July 21, 2012

Confessions Of A Weed Addict

July 21, 2012
super jack marijuana strain

super jack marijuana strainI’m an addicted to weed in the sense that I can’t, and don’t want to give it up for personal, moral reasons. Addicted to weed like religion, not like my wife to cigarettes — she can’t go a day without. Addicted to weed but not like the rest of my family is to booze. Addicted to spreading the truth about weed, it’s the oldest conspiracy that no one can tell you why: The truth that marijuana should not a schedule 1 drug and that it is medicine.

Marijuana causes depression

When I walk outside on a sunny day in my neighborhood a feeling of sudden sadness overwhelms me as I look around my picturesque street. Sad not because I just smoked a couple of bowls, mowed the lawn and played with my kids, sad because my lifestyle is not an accepted norm when the same people that frown upon my smoking have a drink with dinner or look forward to weekends of excessive drinking.

Marijuana affects each individual different just like aspirin. Hell everything affects each of us different how many people do you know that are lactose intolerant or avoiding glutens. We live in a world where things that have a label pure, natural, or organic comes with an extra cost and those are the preferred healthier choices for us as human beings. I root for marijuana because it is one truth that I know and that is cannabis is not bad like a hundred other legal things such as cigarettes, alcohol, coke or anything served from a fast food restaurant.

Now there are some bad effects from pot but nothing like you see on some sleep aid that suggest suicidal thoughts and or anal bleeding. Some people are allergic to it like anything and break out in hives, I’ve only heard of this but believe by now that some people are allergic to it. Then there’s the mental aspect of it, bits of paranoia.

Part of the paranoia symptom of being high I think can be linked to the law. We’re told that upon the first inhale the user becomes demented with ill intentions but this is contrary and adds to ones mental process. Under the influence you realize your will is still your own, you just choose to order Dominoes and watch movies — it’s not paranoia if going to jail is always possible.

There needs to be rules

Smoker and non-smoker, I think something we can all agree on is that drugs are bad — for kids! Of course there are exceptions since cannabis is medicine there are kids with cancer, a.i.d.s, and a wealth of other ailments that cannabis can help with. In fact, one of the biggest misconceptions about medical marijuana is the lack to self regulate.

Politics are funny business and only on a local level does your vote make a difference or so I believe. We live in a world of choices democrat and republican but what about the independents and wigs. What about the alternate choice, if there is or should be one.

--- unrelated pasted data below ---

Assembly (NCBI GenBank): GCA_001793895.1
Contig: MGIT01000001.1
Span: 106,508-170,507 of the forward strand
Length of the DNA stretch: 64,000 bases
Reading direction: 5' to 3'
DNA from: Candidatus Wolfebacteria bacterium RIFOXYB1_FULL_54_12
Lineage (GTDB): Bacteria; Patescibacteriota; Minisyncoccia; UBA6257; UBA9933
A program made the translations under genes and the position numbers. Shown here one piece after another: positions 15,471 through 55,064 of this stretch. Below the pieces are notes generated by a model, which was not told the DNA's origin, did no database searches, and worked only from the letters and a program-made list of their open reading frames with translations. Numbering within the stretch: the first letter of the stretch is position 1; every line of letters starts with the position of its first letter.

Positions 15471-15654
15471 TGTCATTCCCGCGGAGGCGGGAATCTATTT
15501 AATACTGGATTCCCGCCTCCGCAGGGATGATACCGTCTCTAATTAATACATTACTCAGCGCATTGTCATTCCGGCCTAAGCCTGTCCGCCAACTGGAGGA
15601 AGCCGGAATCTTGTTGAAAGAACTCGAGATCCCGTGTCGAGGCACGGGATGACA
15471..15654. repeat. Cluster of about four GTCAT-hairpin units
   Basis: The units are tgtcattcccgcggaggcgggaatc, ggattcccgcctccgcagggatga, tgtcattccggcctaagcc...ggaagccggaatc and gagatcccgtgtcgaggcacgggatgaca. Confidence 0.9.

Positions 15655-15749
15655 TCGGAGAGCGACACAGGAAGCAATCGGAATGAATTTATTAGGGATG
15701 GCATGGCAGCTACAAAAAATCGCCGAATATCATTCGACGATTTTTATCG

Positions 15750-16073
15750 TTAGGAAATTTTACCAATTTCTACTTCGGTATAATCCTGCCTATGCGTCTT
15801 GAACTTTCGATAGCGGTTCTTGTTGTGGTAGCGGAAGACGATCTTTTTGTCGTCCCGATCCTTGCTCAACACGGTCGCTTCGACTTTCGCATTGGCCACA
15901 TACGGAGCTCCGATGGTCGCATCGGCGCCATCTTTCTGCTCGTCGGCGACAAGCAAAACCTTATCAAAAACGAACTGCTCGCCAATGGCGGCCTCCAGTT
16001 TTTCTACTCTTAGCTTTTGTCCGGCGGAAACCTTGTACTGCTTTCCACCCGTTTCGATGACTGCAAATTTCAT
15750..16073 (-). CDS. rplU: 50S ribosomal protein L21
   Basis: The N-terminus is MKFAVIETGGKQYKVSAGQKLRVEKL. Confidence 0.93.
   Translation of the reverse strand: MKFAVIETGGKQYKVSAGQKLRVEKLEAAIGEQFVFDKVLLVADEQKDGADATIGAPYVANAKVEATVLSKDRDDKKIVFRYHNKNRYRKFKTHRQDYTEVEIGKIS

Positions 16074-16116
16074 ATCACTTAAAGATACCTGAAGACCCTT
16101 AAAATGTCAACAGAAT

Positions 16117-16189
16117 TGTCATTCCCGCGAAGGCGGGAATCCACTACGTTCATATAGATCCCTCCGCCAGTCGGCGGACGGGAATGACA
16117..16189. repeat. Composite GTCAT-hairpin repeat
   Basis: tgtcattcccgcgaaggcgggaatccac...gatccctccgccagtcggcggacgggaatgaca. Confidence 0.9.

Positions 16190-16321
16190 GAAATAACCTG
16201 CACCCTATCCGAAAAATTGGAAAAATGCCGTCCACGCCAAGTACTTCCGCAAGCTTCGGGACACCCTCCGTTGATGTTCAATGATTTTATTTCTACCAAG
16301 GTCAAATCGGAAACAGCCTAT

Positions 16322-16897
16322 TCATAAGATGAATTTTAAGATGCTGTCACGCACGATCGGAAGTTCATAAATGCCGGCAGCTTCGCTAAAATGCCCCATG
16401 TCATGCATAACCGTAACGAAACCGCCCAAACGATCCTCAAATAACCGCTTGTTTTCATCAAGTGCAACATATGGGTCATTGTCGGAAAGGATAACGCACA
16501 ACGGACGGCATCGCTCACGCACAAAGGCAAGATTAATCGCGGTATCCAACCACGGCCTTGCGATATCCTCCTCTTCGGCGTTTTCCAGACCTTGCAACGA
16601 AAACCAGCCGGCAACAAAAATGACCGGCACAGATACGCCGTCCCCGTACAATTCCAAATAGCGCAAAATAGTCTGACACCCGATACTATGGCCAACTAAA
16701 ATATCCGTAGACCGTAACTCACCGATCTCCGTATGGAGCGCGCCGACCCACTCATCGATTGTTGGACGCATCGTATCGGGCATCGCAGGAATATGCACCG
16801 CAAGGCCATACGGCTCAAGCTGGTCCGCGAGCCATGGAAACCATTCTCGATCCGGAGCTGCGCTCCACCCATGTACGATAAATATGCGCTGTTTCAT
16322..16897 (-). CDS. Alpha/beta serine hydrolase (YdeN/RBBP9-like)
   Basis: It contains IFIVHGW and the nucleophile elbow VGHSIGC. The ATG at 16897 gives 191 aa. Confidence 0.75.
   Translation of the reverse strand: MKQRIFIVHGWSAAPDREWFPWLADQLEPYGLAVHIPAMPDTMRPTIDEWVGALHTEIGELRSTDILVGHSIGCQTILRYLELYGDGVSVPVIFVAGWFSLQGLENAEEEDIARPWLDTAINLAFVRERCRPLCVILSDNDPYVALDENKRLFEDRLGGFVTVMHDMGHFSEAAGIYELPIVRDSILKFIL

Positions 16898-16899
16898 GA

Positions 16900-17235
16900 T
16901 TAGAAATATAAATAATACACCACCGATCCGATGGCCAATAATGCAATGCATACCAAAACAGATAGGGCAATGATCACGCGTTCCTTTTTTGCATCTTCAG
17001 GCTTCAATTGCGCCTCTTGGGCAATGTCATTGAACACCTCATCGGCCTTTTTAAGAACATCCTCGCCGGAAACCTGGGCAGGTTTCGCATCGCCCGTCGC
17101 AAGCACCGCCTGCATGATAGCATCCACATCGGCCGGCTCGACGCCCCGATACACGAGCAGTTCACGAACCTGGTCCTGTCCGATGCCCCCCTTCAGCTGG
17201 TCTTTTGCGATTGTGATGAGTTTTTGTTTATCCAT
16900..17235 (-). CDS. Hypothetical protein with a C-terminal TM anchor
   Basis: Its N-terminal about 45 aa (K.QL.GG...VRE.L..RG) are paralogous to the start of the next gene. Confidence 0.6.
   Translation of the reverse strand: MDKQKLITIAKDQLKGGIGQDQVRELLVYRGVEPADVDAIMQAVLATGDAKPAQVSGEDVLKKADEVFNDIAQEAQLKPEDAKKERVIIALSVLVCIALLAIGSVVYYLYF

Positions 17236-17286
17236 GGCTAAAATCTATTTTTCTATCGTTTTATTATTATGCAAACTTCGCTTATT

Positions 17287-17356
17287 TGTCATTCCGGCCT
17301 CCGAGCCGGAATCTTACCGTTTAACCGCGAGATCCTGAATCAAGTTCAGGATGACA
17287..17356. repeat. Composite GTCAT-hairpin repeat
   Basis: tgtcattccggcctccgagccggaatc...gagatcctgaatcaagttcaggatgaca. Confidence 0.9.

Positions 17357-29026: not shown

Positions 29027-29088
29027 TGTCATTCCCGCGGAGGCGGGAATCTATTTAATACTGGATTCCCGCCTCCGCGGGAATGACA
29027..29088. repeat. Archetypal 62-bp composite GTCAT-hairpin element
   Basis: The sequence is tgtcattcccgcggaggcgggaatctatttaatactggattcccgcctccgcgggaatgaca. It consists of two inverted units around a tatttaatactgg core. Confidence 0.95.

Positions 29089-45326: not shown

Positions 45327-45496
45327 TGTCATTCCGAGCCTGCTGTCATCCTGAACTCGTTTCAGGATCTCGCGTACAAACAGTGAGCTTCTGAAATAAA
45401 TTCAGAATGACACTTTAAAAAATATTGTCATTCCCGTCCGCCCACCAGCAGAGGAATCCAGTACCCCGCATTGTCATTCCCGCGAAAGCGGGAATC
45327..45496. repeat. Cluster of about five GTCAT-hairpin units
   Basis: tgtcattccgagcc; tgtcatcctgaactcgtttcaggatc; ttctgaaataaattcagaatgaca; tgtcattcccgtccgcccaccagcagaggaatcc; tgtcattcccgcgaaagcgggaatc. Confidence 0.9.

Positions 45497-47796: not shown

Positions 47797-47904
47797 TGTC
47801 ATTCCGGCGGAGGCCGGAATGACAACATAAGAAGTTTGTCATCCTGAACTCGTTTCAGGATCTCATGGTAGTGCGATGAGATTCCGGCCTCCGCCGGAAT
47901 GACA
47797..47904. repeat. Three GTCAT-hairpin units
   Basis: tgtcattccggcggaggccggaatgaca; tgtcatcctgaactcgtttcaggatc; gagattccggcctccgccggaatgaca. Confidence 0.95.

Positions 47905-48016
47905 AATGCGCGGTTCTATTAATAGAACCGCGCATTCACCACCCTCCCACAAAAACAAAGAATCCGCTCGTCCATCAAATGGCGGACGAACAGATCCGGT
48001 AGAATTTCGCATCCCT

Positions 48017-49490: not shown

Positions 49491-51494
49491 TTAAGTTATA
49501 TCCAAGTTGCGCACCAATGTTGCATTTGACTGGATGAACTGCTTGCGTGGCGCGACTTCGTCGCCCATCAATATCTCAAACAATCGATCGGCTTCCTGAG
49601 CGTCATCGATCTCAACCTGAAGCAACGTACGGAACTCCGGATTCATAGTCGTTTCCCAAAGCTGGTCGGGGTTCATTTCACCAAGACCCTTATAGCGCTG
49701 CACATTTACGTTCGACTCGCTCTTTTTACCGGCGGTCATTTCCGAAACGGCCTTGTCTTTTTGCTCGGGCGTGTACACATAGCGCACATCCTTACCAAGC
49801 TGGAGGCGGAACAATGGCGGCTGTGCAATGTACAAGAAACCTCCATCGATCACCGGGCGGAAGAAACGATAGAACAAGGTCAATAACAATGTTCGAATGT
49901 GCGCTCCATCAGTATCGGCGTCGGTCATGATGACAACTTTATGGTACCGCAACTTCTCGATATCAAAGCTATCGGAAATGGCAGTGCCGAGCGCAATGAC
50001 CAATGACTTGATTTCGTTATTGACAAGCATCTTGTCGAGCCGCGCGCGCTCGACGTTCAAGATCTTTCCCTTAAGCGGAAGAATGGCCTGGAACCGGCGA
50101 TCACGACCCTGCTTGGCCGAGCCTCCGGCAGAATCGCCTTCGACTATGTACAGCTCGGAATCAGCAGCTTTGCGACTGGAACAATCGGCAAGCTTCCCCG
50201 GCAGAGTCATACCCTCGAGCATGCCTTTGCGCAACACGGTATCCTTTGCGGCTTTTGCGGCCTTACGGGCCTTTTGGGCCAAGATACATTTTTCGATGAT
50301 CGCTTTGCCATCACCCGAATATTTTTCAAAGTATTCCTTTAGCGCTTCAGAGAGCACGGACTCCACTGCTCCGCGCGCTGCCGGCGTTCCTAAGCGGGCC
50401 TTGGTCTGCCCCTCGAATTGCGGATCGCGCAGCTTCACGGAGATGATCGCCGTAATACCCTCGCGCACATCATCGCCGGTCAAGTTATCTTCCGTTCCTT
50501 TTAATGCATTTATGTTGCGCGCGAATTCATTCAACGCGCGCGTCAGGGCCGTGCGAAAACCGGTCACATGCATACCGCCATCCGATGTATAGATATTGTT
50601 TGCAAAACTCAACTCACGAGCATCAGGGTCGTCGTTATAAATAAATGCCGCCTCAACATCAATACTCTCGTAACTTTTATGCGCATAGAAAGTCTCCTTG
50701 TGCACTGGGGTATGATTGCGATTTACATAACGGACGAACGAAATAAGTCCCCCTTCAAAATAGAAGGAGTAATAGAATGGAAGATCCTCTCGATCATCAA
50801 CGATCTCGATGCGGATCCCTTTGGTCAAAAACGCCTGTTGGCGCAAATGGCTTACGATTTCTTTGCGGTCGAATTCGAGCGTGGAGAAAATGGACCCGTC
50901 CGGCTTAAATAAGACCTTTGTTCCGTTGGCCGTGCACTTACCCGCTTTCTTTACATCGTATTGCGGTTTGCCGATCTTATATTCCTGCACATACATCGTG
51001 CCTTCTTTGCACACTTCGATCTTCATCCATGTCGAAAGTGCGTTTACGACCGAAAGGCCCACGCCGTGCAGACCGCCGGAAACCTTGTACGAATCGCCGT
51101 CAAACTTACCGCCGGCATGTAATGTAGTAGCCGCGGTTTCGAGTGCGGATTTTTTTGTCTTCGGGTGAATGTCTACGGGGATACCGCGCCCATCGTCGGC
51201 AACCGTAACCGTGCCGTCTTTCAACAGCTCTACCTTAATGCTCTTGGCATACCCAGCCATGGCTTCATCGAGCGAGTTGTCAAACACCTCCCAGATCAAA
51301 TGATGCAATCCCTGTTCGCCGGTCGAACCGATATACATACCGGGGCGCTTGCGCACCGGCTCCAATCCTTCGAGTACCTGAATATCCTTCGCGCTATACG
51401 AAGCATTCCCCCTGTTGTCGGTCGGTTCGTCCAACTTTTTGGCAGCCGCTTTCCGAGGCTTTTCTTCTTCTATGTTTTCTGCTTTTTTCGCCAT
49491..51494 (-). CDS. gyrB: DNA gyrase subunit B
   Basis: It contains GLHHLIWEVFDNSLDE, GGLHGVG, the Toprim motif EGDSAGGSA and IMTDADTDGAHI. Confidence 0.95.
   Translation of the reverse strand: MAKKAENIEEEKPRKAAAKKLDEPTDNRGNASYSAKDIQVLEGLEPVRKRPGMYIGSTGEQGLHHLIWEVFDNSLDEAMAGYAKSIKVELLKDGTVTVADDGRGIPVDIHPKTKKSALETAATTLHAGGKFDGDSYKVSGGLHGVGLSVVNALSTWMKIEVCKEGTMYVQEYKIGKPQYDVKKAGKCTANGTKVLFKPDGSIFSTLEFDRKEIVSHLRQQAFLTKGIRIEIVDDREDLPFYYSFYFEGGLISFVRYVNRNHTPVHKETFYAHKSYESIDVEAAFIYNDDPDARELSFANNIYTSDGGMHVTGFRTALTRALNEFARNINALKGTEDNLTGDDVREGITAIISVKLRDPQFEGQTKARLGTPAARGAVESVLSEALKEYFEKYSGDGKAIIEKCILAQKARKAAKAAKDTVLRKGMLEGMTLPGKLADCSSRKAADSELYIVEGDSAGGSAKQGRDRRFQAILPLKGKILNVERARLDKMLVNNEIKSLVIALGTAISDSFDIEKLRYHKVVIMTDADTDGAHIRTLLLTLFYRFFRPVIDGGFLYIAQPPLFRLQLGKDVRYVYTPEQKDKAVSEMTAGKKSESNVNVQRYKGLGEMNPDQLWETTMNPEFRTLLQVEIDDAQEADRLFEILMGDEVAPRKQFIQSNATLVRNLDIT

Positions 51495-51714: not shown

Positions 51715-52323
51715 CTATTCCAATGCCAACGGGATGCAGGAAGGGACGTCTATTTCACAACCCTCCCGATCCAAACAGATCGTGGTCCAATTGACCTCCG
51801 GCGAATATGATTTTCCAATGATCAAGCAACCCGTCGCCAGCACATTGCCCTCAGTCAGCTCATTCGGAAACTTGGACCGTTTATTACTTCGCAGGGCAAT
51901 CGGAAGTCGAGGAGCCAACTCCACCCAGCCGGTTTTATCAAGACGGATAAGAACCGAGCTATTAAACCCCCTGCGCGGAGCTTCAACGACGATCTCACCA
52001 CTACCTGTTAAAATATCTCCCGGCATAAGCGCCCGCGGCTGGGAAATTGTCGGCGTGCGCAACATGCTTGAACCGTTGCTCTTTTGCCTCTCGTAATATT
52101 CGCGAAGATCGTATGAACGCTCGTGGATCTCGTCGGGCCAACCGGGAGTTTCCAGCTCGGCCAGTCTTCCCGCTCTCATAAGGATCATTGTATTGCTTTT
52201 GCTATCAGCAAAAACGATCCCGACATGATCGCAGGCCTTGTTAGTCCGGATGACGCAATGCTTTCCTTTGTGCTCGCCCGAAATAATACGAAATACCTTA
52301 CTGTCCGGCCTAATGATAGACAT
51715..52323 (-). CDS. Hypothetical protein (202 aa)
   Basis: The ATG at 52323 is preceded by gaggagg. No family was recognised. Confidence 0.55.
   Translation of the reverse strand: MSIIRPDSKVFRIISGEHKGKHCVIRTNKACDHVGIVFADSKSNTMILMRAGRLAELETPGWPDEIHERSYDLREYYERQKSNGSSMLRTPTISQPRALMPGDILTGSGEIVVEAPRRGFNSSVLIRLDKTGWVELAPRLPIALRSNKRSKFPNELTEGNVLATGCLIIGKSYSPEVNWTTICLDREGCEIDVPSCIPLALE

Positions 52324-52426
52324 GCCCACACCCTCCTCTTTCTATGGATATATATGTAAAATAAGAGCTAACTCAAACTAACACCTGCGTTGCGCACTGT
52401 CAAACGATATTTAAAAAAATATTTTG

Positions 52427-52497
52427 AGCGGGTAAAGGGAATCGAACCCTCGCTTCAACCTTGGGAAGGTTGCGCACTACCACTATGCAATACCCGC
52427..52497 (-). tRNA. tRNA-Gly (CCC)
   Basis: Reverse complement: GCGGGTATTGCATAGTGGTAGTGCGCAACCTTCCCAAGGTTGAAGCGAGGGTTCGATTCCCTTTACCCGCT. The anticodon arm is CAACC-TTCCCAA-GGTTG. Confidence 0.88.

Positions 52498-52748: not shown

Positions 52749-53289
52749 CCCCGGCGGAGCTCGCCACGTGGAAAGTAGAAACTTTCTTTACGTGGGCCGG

In my state of Washington there is a group of activist, actively working to pass pro-marijuana laws that empower the individual. One of the laws was I-514. Politics and legislation is long and drawn out, so I don’t know where this law will be once you read but I can tell you it’s written in favor of the patient and non-patient. If it doesn’t pass it’s merely because it didn’t get enough signatures and never got a chance. This is the type of legislation that we need to get out there state to state; where if an individual sells to a minor the penalties are harsher unless of course the minor was a patient.

I don’t have much faith in the government recognizing it’s the bad guy in this scenario but I do believe we can do things as an individual, locally. Locally we can create laws and recount with some ease to ensure the popular voice is being heard. Part of the problem is not all non-smokers see legal weed as a priority when it’s the biggest oldest bullshit conspiracies ever.

Recently I made my voice heard by submitting a letter for Michael Adam Assenberg in support of his case on my local level. If you’re not familiar with Michael, he’s just another American not being allowed to do what is right.

I write this letter for Michael “Adam” Assenberg

I write this letter in support of Michael (Adam) Assenberg and his predicament with the state level government. Laws and rules are all we have and if bad laws exist in the favor of greed vs. what is the common good than we’ve lost already. The state has voiced where it stands on medical marijuana and it’s up to state peace keepers to enforce such laws.

I come from a broken neighborhood in Southern California where the rest of my broken family still resides. I use the term broken excessively to emphasize the effects of a broken system unable to contain the real bad guys. Coming from a dysfunctional family background plagued by real drug abuse and alcoholism I find the witch hunt of marijuana users medical or not a waste of taxpayers’ time and money.

After 38 years on this earth, 10 of it honorable military service than on to working as a calibration technician I think I understand right from wrong, what should be and shouldn’t. I watched as good sailors were separated from the military for marijuana while their counterparts stayed in. The counterparts would do things like meth and coke instead, merely for the fact that these drugs don’t stay in your system as long. As a calibration technician the essence of my job is checks and balances. Its ensuring traceability that leads to accountability, presently there is none of that in a non-medical marijuana situation. Medical marijuana ensures that the patient can receive the same product from the same grower, as well as, ensure accountability of the product — there is no lacing of medical marijuana.